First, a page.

In this tutorial, I go through an average results analysis technique. I dive into some types of procurement & purchasing analysis that you can do with Power BI. You may watch the full video of this tutorial at the bottom of this blog.
Specifically, we’re going to look at the average monthly purchases a business may make.
I go through which DAX formula combination you need to be able to calculate averages in a monthly context. I also show you how you can combine these formulas or functions with the data model. By doing this effectively, you can quickly extract information across a range of different dimensions.
Whether you want to analyze your monthly purchases by division, region or according to each manager, all of this is possible with Power BI in an effective and efficient way.
You don’t need to write different formulas to do it.
What you can do is leverage the data model that you’ve built for a procurement type scenario. You can bring in different elements or different dimensions from these various tables that you have in your data model and overlay them with the formulas that you have created.
Additionally, you can branch out even further from that. For instance, you can analyze the difference in purchasing over time for any of these different dimensions in your data. You can include many time comparisons and time intelligence type techniques in the analysis as well.
So in this example, we look at things on an average basis. Instead of looking at every individual purchase, we want to see how the average purchases in our departments are going. I’ll show you how you can use a combination of techniques to actually work this out using Power BI.
Working Out Average Monthly Purchases
First of all, I’ve created a measure to get the total amount of invoicing that we’re doing. Here’s the formula:
So now we work out averages through time. We’ll look through time and see what time frame we are making purchases. In this case, we have all the way from January 2015 to January 2017.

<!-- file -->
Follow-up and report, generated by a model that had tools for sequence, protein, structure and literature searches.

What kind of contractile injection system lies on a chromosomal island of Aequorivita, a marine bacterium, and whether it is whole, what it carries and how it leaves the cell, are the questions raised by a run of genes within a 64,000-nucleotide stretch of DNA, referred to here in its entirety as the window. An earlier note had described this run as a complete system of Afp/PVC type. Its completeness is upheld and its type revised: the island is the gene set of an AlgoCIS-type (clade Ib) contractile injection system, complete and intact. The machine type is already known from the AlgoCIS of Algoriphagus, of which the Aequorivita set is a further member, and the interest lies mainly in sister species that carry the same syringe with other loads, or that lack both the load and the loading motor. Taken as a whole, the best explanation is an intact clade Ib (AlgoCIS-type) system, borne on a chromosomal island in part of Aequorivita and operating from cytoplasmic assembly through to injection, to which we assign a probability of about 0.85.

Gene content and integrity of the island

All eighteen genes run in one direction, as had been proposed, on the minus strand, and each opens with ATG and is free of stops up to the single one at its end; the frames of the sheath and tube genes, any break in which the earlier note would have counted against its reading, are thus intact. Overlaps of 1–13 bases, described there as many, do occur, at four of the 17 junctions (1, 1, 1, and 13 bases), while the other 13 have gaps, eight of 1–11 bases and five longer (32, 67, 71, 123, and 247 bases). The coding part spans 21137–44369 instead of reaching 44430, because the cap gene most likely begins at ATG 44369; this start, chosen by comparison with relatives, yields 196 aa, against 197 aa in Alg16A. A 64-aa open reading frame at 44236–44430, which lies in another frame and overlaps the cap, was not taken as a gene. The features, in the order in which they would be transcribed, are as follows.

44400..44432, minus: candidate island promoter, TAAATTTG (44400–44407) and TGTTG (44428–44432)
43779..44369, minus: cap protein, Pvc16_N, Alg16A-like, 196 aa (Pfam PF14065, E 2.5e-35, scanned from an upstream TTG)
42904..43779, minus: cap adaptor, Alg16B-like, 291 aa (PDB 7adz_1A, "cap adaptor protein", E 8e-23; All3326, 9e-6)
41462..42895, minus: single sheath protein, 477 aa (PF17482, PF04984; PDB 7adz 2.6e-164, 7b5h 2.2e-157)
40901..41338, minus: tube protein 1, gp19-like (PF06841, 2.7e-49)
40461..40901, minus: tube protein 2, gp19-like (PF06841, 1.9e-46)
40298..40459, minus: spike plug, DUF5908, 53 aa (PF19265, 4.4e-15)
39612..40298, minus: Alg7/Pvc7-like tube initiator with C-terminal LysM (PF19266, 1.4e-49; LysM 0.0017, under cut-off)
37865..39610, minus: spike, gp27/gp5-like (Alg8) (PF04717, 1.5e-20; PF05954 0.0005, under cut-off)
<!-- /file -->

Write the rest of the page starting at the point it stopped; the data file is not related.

We simply drag our Date table into our axis and we can see our Invoicing Totals by Date.
Now we want to work out how much we are invoicing per month on a department basis. To see that insight, we grab the Invoicing Totals then drag in our Department into the axis.
It’s also easy to overlay a slicer from our Date table, where we can easily change it and look at certain time frames, which will impact both the context and the results.
But say for instance, within this date context, we want to see on average in the months here, how much we are actually spending per department. To do this, it just takes an understanding of how to use the AVERAGEX function and what virtual table we want to place inside that function.
So we go create a new measure and call it Average Monthly Purchases. We’ll use AVERAGEX, then inside we put a virtual table of every single month. We’ll find our Month and Year dimension inside our Date table and that is going to do the iterating for us.
AVERAGEX is an iterating function and so we need to give it a table to iterate through. In this case, we’re giving it a virtual table of every month and year. And that’s what’s going to create the average because it’s only going to calculate the amount of months in years inside this context.
Then, we add our invoicing measure and we’ll see that now we have an average. We format it and change the color to make it stand out.
Comparing Average Purchasing Over A Time Period
It’s good to see the average purchasing, but it would also be a great thing to see and to compare average purchasing over a previous time.
To do this, we simply just expand on what we have here. We start from our simple measures, and then branch out to more DAX techniques to get more insights.
We’ll call our formula Average Monthly Purchases LY and we’ll use the CALCULATE function of our Average Monthly Purchases. We’ll have DATEADD and DATES, and the number of intervals is -1 – then we go YEAR.
Based on this context, we can now compare our Average Monthly Purchases over the time frame we have selected versus exactly that same time frame from the previous year.
I have run through all of the steps indicated above in this tutorial. If you can relate to this scenario, I’m very confident you will learn a lot about how Power BI can be used to optimize decisions around these sorts of purchasing scenarios.
And what’s great about this in Power BI is that once you learn the technique, you can easily apply it to many different data scenarios.
Time comparisons don’t change no matter what data scenario you’re working on and very quickly you can get some pretty cool insights. You can even branch out if you want to go further with your Power BI average analysis.
All the best!